I was taken by an article in a current edition of Australia’s AdNews in Brightcove’s chief marketing officer Jeff Whatcott took the opportunity of visit there to grumble about media and marketing companies that don’t plan their online video advertising efforts with any noticeable sign that there is an actual strategy at play.
If I proposed this problem as the topic for a term paper back in high school (if there had been such a thing as online video in existence at that point), I’m sure even my teachers would have politely suggested I picked a topic just a little too broad.
It’s true you can’t know what a brand is thinking when it plans its online video effort—you really don’t know their motives—but it’s pretty safe to say you can figure out if a video is working on any level by ticking off the possible motives, and determining if the advertising satisfied any of them. That’s a way to play the game at home, but back in the home office, you’d suppose someone is doing a better job.
Whatcott apparently senses that too. He told AdNews, “The big thing that I sometimes see that concerns me is that people are running in without a strategy. We see that certainly in the social media space. People just think they have to be there but have no other plans. And frankly, there is a lot of snake oil being sold.”
The thing is, it seems to advertisers that are new to the online video space that success is just a crap shoot, not a process of planning and strategy.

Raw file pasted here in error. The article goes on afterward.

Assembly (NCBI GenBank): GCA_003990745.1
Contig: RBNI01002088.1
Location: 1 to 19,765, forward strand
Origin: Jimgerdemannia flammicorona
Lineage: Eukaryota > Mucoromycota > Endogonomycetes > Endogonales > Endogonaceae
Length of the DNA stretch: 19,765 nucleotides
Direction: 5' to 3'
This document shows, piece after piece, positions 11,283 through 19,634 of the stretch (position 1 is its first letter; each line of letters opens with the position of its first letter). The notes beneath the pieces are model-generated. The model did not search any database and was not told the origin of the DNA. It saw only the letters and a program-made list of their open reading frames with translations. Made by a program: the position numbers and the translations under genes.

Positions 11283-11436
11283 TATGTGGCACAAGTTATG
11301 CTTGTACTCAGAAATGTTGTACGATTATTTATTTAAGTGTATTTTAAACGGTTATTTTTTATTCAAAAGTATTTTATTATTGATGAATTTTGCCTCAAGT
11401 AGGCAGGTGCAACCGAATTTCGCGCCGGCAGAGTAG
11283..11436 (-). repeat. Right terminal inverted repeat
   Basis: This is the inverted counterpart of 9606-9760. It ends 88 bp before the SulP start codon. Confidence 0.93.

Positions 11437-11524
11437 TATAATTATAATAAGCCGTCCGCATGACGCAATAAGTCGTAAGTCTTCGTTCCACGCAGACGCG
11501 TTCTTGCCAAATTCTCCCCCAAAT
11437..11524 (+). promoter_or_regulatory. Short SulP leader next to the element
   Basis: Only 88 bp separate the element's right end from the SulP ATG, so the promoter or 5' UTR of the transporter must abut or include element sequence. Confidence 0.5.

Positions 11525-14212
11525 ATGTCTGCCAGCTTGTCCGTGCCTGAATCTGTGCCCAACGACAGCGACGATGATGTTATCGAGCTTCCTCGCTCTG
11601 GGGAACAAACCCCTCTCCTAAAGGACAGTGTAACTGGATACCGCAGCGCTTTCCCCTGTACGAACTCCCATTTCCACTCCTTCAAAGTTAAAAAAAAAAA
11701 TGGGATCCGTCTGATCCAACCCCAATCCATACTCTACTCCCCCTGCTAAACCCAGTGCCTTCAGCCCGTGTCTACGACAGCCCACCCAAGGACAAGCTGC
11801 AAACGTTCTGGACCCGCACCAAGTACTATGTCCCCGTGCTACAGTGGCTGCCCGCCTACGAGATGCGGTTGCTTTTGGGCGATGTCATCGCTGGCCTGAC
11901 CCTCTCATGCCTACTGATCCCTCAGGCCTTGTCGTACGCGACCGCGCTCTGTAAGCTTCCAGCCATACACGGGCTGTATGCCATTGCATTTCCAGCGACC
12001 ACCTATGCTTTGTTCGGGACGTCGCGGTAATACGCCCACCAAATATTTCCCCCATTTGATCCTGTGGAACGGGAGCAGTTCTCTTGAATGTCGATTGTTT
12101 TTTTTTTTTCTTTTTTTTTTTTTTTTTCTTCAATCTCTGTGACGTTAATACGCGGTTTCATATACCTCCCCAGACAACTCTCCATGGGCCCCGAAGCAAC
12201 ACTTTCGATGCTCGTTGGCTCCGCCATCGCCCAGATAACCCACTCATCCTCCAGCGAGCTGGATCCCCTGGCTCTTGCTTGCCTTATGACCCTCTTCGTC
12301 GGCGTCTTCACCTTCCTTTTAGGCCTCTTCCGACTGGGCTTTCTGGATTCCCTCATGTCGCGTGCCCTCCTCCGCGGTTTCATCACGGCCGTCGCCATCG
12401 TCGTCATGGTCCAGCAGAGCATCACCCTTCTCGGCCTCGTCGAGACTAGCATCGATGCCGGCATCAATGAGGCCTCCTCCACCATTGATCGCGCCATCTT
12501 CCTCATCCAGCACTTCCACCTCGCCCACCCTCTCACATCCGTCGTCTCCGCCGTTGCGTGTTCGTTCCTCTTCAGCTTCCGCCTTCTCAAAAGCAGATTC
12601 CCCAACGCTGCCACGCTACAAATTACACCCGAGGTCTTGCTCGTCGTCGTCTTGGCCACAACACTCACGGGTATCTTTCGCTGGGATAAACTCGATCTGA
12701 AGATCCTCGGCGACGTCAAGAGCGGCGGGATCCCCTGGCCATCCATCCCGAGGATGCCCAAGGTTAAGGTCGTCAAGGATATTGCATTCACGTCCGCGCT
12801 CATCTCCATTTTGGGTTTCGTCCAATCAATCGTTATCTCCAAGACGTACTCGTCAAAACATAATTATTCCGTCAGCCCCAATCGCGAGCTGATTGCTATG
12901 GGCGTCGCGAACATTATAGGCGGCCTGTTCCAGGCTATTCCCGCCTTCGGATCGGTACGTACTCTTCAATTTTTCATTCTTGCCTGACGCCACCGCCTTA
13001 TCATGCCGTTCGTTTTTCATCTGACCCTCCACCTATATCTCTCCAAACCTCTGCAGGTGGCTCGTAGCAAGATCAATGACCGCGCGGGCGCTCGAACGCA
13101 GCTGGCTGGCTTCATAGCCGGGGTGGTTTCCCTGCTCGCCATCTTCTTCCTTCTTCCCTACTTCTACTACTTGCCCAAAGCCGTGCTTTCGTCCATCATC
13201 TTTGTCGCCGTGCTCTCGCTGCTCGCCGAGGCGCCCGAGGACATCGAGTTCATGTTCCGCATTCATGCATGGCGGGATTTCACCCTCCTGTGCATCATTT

Doing the pitch for Brightcove, Whatcott continues, “We have a new analytics platform that has engagement scores where you can see what your content is normally doing and whether it is above or below the line. Over time we want to do industry benchmarking. Sometimes people do a 10-minute video and the first 10 seconds will be a title slide. They think they are doing a movie. It’s ridiculous. You need something in the first five seconds to capture attention.”
Woody Allen got a laugh explaining the progression of the development of a Hollywood movie script: “At the moment it's just a Notion, but with a bit of backing I think I could turn it into Concept, and then an Idea.” Maybe that’s closer to the scary truth about how creative projects get green-lit, but that was supposed to be a joke.
Yet, despite the hordes of digital ad solutions companies out there that can analyze ads before, during and after their run, it’s still not the kind of science that is absolutely predictive. Weird stuff happens, which may be the reason online video seems so random. Television never had commercials that went “viral” –it wasn’t the term or the objective. Online video does have those almost mystical viral sensations. The makers of online videos can feel an ad "working," even when they don’t quite know what it’s actually working at doing. They need a better Idea.